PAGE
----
Bookstore Glossary Library Links News Publications Timeline Virtual Israel Experience
Anti-Semitism Biography History Holocaust Israel Israel Education Myths & Facts Politics Religion Travel US & Israel Vital Stats Women
donate subscribe Contact About Home

New Israel

NEW ISRAEL (Rus. Novy Izrail), Jewish religious sect initiated in Odessa during the 1880s. At the beginning of 1882 Jacob Priluker, a teacher at the government Jewish school of Odessa, published an article in the Odesskiy Listok in which he proclaimed the 15 principles of a sect to be known as New Israel, whose objective was to introduce reforms in the Jewish religion which would reconcile it with Christianity. These principles recognized the Mosaic law only, and articulated "an attitude of contempt" toward the Talmud. The day of rest was transferred from Saturday to Sunday, while circumcision and the dietary laws were abolished. The members of the sect were required to consider Russian as their national language and to observe the laws of the state. The Russian government was requested to grant civic rights to the members of the sect, to authorize them to spread their doctrine among the Jews, and to permit them to wear a special sign which would distinguish them from other Jews. Their platform was to be a breakthrough for Russian Jewry after the tribulations it had suffered through the riots and increased antisemitism which followed the assassination of Czar Alexander II in 1881. However, even those maskilim who strove for reforms within Judaism regarded Priluker's proposals with reserve. They pointed to the utilitarian nature of his reforms, which suggested that part of the Jewish heritage be abandoned in exchange for civic rights. On the other hand, Priluker was encouraged by the Russian authorities. During the same year, his book Reform Jews (published under the pseudonym of E. Ben-Sion) was published in St. Petersburg with government assistance. It contained a violent attack on the Talmud and traditional Judaism, thus supplying material for antisemitic propaganda. In 1887 Priluker traveled to Western Europe at the government's expense to establish contacts with missionaries. However, his preaching to the Jewish masses of southern Russia met with no success and the Russian government's sympathy for him declined. Indeed, his appeals for support in the publication of a Jewish newspaper which would propagate his ideas were rejected by the government. In 1891 Priluker apostatized to Protestantism and immigrated to England, and this marked the end of the attempt to establish the New Israel sect.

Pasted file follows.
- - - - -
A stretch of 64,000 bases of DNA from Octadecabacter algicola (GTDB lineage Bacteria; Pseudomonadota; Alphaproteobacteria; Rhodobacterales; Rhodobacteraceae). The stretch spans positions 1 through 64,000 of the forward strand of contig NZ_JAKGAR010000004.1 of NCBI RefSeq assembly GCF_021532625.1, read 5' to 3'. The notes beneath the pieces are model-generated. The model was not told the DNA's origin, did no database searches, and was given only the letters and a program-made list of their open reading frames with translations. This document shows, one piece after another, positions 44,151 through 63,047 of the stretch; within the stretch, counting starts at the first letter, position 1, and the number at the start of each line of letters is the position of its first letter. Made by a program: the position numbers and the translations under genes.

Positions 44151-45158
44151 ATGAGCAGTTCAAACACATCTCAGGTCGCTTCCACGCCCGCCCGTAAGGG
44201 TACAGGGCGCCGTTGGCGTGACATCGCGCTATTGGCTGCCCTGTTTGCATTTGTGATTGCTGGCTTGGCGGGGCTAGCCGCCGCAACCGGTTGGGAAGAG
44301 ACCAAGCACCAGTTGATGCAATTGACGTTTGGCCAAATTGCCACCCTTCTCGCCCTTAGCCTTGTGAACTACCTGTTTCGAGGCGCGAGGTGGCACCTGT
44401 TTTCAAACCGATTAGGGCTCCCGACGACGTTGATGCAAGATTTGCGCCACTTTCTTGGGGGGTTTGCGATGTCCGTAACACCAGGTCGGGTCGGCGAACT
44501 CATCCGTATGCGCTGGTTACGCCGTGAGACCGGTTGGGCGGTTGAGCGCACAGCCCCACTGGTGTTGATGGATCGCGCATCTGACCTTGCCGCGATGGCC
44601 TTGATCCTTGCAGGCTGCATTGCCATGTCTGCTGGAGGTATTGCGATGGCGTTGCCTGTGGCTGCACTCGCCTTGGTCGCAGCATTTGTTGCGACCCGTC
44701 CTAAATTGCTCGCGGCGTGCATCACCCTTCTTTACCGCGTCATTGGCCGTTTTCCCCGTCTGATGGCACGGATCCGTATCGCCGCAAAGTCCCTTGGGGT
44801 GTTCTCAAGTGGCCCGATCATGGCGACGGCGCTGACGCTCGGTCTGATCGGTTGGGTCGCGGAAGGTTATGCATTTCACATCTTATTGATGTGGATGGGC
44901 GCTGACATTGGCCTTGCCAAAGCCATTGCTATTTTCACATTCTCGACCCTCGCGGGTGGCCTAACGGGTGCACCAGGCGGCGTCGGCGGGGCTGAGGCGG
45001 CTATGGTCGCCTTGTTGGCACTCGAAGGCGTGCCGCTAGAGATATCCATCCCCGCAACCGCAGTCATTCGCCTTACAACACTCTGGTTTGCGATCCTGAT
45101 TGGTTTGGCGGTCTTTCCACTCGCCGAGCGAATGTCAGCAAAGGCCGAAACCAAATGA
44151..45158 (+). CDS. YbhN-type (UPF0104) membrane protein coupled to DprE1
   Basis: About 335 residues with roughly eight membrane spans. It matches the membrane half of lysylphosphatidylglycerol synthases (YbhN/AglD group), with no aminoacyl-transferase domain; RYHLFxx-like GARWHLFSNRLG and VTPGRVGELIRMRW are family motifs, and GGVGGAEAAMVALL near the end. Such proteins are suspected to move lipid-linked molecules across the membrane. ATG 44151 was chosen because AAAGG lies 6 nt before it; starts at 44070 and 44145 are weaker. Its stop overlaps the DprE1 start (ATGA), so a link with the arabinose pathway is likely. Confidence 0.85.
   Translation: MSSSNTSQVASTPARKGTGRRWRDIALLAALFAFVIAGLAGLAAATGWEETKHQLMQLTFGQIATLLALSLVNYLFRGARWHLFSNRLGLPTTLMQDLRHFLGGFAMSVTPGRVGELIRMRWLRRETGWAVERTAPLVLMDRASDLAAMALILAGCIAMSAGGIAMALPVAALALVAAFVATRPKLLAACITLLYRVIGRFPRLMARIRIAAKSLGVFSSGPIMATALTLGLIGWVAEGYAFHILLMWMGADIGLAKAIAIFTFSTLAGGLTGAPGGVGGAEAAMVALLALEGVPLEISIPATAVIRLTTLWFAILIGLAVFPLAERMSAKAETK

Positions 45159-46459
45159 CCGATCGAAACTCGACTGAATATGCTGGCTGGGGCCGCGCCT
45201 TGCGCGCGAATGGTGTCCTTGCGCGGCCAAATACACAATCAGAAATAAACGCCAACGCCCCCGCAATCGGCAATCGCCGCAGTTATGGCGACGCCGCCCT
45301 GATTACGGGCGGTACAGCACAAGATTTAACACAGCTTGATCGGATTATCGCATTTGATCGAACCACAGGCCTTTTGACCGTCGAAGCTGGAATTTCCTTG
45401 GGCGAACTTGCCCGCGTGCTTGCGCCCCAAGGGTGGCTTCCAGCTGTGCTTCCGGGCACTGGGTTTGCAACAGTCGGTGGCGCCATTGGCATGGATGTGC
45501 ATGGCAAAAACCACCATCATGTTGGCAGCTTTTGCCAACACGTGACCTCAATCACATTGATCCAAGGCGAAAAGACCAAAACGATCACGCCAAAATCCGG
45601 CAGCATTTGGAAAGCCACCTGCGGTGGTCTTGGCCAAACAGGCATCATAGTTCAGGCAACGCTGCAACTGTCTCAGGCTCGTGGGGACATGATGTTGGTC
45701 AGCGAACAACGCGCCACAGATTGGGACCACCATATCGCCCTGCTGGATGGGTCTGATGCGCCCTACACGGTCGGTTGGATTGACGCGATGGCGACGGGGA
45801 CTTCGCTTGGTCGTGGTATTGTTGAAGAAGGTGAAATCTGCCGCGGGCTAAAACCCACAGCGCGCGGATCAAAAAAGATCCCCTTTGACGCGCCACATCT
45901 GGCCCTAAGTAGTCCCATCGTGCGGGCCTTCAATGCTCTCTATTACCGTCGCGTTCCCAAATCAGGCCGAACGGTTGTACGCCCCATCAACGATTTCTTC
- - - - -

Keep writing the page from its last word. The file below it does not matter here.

N.N. (I.L. Gordon), in: Voskhod, 8 pt. 2 (1882), 1–29; S. Ginsburg, Meshumodim in Tsarishn Rusland (1946), 90–115.

Sources: Encyclopaedia Judaica. © 2007 The Gale Group. All Rights Reserved.